Preparing and Installing Windows XP Embedded Images – Part II: Building Images
Now that the environment is ready as we’ve seen on the first part of these posts, let’s start on creating our own Windows XP Embedded image. There are involved different kinds of tools to accomplish this, but you will see that is a simple process at the end of it.
The big picture of this process is that the images are built on the server; using the hardware data from the clients.
This is the tool that you will use to get the hardware data from the clients.
The data represents all the drivers that the Windows XP Embedded image will include to support the hardware on the clients. When Windows XP arrived you probably noticed that a huge difference appears on the hardware detection of the operating system; it’s mainly because the XP included almost every device driver that was available on the market. With Windows XP Embedded the same thing happens, but since you are customizing images for particular clients you must first find out the hardware that it’s available on them.
Using Target Analyzer it’s very simple:
1. First of all you’ll need access to the client’s machine to run this tool.
If it’s a virtualized environment where the server and clients will be using same type of host (physical machine) then there’s no need to access to a “client machine” because the hardware will be the same as in the server. If that’s the case, on your server just access to the folder:
C:Program FilesWindows Embeddedutilities
If they are not virtual machines and they have completely different hardware, you should copy those folder files to a client machine.
2. Double click on tap.exe (Target Analyzer Pro).
Note: There’s also a simpler version of Target Analyzer available, named ta.exe. This tool only compiles a short list of your hardware, and is more suitable for smaller environments.
3. The tool stored a file with all of the hardware information, named devices.pmq. You will use that file when creating the hardware image.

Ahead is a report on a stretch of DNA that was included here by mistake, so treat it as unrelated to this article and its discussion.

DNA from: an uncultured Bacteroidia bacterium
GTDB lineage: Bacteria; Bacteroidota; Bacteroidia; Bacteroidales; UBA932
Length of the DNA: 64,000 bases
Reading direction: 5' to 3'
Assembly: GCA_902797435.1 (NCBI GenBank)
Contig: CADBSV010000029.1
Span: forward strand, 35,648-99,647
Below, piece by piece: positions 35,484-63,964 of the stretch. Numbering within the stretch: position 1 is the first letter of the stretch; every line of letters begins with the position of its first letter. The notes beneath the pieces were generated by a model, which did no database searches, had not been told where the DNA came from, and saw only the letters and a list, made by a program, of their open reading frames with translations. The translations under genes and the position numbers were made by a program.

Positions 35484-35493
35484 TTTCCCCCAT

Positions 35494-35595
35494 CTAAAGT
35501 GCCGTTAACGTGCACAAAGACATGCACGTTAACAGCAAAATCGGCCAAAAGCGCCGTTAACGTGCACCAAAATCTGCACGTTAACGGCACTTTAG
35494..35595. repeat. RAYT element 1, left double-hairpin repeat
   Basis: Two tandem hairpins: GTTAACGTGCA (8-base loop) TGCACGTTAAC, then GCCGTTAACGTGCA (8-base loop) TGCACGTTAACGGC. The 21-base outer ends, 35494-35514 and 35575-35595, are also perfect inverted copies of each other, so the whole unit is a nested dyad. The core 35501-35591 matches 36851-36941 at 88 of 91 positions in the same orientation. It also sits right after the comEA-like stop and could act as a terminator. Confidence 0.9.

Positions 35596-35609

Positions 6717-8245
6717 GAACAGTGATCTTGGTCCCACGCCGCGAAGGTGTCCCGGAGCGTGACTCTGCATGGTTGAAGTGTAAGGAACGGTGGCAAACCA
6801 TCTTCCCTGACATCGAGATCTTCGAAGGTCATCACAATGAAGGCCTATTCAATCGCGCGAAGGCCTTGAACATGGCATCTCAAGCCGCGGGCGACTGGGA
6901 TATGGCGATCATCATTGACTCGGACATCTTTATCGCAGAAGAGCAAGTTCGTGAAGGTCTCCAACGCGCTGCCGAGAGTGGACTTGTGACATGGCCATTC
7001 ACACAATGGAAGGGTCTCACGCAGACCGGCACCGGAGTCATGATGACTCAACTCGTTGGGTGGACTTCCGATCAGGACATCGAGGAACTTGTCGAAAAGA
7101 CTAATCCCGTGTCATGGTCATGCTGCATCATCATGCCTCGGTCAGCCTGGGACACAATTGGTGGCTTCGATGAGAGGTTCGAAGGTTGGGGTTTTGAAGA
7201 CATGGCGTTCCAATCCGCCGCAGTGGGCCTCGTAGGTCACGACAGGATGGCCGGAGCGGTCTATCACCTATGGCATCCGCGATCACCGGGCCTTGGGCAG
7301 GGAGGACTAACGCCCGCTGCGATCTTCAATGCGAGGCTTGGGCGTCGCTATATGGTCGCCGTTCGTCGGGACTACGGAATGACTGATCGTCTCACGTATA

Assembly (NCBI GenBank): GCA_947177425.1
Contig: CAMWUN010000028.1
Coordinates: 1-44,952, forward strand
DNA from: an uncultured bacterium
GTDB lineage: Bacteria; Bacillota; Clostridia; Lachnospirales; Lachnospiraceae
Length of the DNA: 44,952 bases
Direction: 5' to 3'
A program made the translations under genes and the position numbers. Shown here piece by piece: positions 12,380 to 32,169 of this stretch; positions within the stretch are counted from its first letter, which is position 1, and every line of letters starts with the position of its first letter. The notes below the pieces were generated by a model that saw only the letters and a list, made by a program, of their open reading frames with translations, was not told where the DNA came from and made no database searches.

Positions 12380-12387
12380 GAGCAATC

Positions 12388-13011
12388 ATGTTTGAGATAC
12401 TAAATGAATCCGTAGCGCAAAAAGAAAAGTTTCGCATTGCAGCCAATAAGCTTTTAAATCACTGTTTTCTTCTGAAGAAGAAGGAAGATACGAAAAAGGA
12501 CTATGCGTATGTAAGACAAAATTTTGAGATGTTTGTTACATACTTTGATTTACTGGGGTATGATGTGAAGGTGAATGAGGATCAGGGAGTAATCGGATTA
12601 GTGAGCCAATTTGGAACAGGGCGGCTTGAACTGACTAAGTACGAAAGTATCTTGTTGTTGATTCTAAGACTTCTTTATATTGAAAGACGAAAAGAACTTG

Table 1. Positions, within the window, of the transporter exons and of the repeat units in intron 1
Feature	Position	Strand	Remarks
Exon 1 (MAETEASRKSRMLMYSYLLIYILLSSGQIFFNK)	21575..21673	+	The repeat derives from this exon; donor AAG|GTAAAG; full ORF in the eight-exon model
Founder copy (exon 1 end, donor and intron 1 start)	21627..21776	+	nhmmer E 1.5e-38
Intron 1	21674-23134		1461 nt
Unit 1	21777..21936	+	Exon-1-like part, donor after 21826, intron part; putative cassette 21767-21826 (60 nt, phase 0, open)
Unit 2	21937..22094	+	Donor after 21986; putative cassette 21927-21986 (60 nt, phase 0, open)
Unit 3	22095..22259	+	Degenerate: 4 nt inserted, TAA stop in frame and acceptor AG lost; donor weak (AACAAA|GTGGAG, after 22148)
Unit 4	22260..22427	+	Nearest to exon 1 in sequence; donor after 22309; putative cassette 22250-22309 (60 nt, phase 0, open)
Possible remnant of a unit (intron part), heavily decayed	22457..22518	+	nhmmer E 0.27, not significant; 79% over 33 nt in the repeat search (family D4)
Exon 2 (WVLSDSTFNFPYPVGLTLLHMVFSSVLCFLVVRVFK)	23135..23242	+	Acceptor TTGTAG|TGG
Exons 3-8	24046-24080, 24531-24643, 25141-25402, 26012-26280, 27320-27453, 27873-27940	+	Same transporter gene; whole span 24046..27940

The Target Designer is the main tool to build the images. Here you’ll add all the drivers necessary for your clients, components of Windows XP Embedded, etc.
1. From the Start menu, All Programs, Microsoft Windows Embedded Studio, open Target Designer
2. Create a new profile of the image that you’ll create. To do that, click on File | New. Select a name for your configuration and click OK to close the dialog
3. The first thing to do is to import the hardware data. This way you will have more chances to succeed, avoiding the “missing drivers” problem. From the File menu click on Import
4. Locate the file that was created with Target Analyzer: devices.pmq. That was left on the utilities folder. Click on Open
5. The Import File dialog will open. Click on Start to begin the process
6. After this process finishes, you’ll see on the center pane that all the hardware components were added to your new image.
Now that you have the hardware components added, the next step is to add the required XP operating system components.
On the left pane there are thousands of components that can be included to the images. The Design Templates will help you on adding the right components depending on the client machine profile that you are looking for.
Each template was built targeted at a specific scenario.
You can check on the specific data and components included by each template by right-clicking on any template and selecting Component Help.
To add the components within the template to the current image, you can right-click on the component and select Add, or just drag and drop the component to the image component list.
Adding these templates will not automatically add all the components necessary for the XP Embedded image; those components will be added when the Dependency Check is run, which you will use afterwards.
When creating a Windows XP Embedded image that will boot remotely, you need to add additional drivers. To be able to remotely load a disk image and keep it on RAM, the RAM Disk Driver is needed. This component is the one that is load to support booting an XP Embedded image from RAM memory.
You can add it simply by using the Search option on the left pane of Target Designer. Use the phrase RAM Disk Driver to find the location of the component